The rest of the peacecare trip involved a lot of strategic planning for the future. Organizing meetings with doctors here can be like herding cats with their busy schedules and lack of response to emails. Fortunately, we were able to get meetings with all of the head doctors, and we had some productive conversations about the future of the program. At this point in the program, peacecare is focusing on how this project can be sustained by the health structure itself when we phase ourselves out eventually. The local doctors and midwives renewed their motivation in the project, and both the volunteers and the peacecare team finished the visit feeling hopeful about the future of the project. The vision is to have cervical cancer screening and treatment available to everyone in the region, and we continue to get closer to that goal.

Working on this project has clarified for me that I want to continue doing work in women’s reproductive health. It has been an incredible opportunity to work with the peacecare doctors and local midwives and doctors on a program that I hope will be sustainable in the future. I can’t wait to continue doing further work in women’s global health as I begin graduate school in the fall. I was thrilled to find out recently that I was accepted to University of Washington’s Masters in Public Health in Epidemiology-Global Health Track program! I’m excited to pursue my dream of addressing women’s health needs around the world!

Wednesday, March 6, 2013

Visitors, Reflection, and Geriatric Gou

February was filled to the brim with visitors, conferences, and softball.  At the beginning of the month, I went up to Dakar to meet my amazing friend Caitlin and her boyfriend, Danny.  After not seeing Caitlin for over a year, it felt surreal to hug her at the Dakar airport.  Danny previously lived in the Gambia for a year, working with the law school in Banjul.  He and Caitlin planned to spend a week with me in Senegal and then head to the Gambia.  When you take into account how horrible transport is in Senegal, a week is not much time, so we had a busy week ahead.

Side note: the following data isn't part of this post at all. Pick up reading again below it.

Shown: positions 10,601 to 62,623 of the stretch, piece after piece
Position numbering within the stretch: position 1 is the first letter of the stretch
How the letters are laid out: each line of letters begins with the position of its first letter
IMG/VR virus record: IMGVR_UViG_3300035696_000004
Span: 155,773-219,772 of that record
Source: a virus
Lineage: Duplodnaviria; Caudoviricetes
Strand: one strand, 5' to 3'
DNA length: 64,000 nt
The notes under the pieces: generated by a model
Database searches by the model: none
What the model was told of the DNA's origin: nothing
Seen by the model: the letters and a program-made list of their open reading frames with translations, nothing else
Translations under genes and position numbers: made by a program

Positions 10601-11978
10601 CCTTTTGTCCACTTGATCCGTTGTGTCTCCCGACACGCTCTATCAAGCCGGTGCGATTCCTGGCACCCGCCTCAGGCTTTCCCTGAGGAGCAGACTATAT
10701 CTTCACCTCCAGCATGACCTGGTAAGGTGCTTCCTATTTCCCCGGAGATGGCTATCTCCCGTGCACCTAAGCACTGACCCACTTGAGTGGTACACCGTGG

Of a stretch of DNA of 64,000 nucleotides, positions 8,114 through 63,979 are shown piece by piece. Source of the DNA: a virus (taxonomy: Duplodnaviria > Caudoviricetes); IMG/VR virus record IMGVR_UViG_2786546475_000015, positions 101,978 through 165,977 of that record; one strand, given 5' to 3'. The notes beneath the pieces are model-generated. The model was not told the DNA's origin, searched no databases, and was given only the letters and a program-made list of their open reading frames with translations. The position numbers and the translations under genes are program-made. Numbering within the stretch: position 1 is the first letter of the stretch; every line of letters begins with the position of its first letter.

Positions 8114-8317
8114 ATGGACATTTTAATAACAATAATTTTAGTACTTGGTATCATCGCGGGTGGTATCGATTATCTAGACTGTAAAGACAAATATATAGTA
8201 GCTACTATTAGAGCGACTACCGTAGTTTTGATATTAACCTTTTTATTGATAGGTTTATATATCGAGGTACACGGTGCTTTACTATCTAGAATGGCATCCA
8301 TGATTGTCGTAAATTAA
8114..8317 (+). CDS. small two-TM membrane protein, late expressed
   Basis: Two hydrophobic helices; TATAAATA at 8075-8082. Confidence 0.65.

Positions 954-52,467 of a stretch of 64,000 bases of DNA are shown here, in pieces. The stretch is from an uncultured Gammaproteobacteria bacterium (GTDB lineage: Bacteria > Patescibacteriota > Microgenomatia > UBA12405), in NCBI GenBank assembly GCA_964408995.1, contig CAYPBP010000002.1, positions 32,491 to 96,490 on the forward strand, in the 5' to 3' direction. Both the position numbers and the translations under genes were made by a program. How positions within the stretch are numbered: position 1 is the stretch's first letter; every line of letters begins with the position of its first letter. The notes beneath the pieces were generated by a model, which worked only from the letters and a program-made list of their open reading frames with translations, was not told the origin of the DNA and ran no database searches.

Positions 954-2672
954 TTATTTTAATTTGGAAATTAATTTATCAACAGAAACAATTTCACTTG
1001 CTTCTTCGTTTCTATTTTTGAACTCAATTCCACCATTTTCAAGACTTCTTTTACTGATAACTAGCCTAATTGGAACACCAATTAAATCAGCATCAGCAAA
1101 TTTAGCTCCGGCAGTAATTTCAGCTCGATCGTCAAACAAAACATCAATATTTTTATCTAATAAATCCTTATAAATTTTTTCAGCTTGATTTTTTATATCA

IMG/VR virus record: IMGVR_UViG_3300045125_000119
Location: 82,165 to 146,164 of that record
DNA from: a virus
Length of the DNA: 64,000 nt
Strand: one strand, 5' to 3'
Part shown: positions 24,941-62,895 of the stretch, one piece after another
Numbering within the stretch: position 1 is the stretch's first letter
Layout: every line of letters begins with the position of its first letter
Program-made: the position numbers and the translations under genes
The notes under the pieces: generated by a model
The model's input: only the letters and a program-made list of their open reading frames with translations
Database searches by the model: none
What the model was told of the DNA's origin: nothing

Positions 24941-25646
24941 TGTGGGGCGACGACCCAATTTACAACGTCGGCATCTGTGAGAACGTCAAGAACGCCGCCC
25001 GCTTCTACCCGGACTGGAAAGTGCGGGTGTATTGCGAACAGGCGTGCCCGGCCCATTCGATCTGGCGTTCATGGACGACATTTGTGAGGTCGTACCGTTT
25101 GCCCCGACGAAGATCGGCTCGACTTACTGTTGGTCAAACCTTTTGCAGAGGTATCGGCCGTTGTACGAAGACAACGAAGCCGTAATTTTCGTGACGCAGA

We started off in Dakar visiting Goree Island and eating dinner at a delicious Ethiopian restaurant downtown.  Unfortunately, I had amoebas at the time so had no appetite.  Due to the amoebas, my 13-hour 7-place ride up to Dakar to meet Caitlin and Danny was one with many stops to run into the bush with an irritable stomach.  Thankfully I got on the right medication the day that we left Dakar to head down to Kedougou and started feeling much better.  We took a 9 hour 7-place to Tamba, and then another 4-hour 7-place to Kedougou, getting into the regional house at night.  After a long day of travel, we decided to relax in Kedougou the following day.  We biked to the Gambia River, visited the market, and played Settlers of Catan with some of the other volunteers.   It was fun to share the regional house culture with Caitlin and Danny.

The following morning, we squeezed into the back of a 9-place to get to Saraya.  We greeted the village and hiked into the bush to see Maimouna’s garden, and Caitlin and Danny spent the night in my hut.  

Danny and Caitlin walking to Maimouna's garden

Caitlin and me in Maimouna's garden

A couple of other volunteers loaned Caitlin and Danny their bikes for a couple of days, so we were able to bike the 30 kilometers to Nafadji the following morning.  I forgot to mention the terror of the tsetse flies to them until that morning, and the tstetsies made the ride much more stressful.  We biked in the heat while tsetse flies honed in and continually bit each of us.  Each bite is a painful sting, and then the bite swells up and itches for days.  On previous rides, I’ve thought that if the government could get a hold of them, they would make an excellent torture device.  I’m used to them at this point since I bike to Nafadji often, but it wasn’t the best welcome for Caitlin and Danny.  I felt bad about how painful the bike ride was, but luckily our time in Nafadji was worth it.